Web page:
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The Inverse Cube or Sam's Cube, invented by Sam Mcflay, is a non-traditional six-piece burr with additional parts that make it into a cube.
As the name suggests, the pieces are grouped in three sets of pieces, each with an inverse image of the other or mirrored, if you will. The puzzle is built from Samanea (Rain Tree) wood and measures 6 x 6cm (2.4"). The goal in any type of burr is to discover how to take it apart and then, after careful study of the pieces, assemble it back to its original form.
Unlike the traditional burr, this puzzle needs a different approach to be solved. The pieces interlock in a way that when you try to pull them apart it doesn't seem to do much good. They do have to be pulled apart in order to disassemble the cube (no pushing necessary), but they have a very specific way to accomplish that. You just need to figure out for yourself where exactly do you need to pull.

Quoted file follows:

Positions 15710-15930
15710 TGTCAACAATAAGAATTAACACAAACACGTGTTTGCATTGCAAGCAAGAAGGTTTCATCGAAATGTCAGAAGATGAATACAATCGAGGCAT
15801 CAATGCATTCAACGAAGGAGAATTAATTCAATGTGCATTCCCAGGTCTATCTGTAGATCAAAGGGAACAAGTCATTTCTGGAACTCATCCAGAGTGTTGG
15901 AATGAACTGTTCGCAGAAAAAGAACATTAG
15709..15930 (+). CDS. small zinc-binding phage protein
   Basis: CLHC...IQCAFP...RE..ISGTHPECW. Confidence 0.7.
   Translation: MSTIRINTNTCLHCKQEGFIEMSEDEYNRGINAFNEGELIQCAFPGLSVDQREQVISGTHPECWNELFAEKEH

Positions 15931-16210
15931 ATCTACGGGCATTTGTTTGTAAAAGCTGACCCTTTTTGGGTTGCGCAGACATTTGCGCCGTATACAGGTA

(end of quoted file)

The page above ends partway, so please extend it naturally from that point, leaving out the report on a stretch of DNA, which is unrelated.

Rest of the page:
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From my past experience with burr puzzles, taking them apart is most of the times easier than actually assemble them back together. The notches on the pieces connect with each other in right angles and not always in an intuitive way. Good visual perception and 3D spacial skills are two of the most important abilities for solving this kind of puzzles.
This is rated as a 3/5 difficulty puzzle in the Brilliant Puzzles' website, so if you're experienced with these puzzles, you won't find it that much tough. The first thing you need to be aware of when trying to assemble it back is that each of the cubes' faces has a large and a small square adjacent to each other, and two rectangles with perpendicular orientation in relation to each other. Also, the two stripes that criss-cross the cube are off-set from the center. This is important for visualizing how the pieces might connect together and helps the solving process. Re-assembling time took about 10 minutes.
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I liked the originality of Sam's Cube. It's not extremely challenging, but still quite fun to solve and very affordable. A higher contrast between the stripes and the outer parts would've made it look even better, though.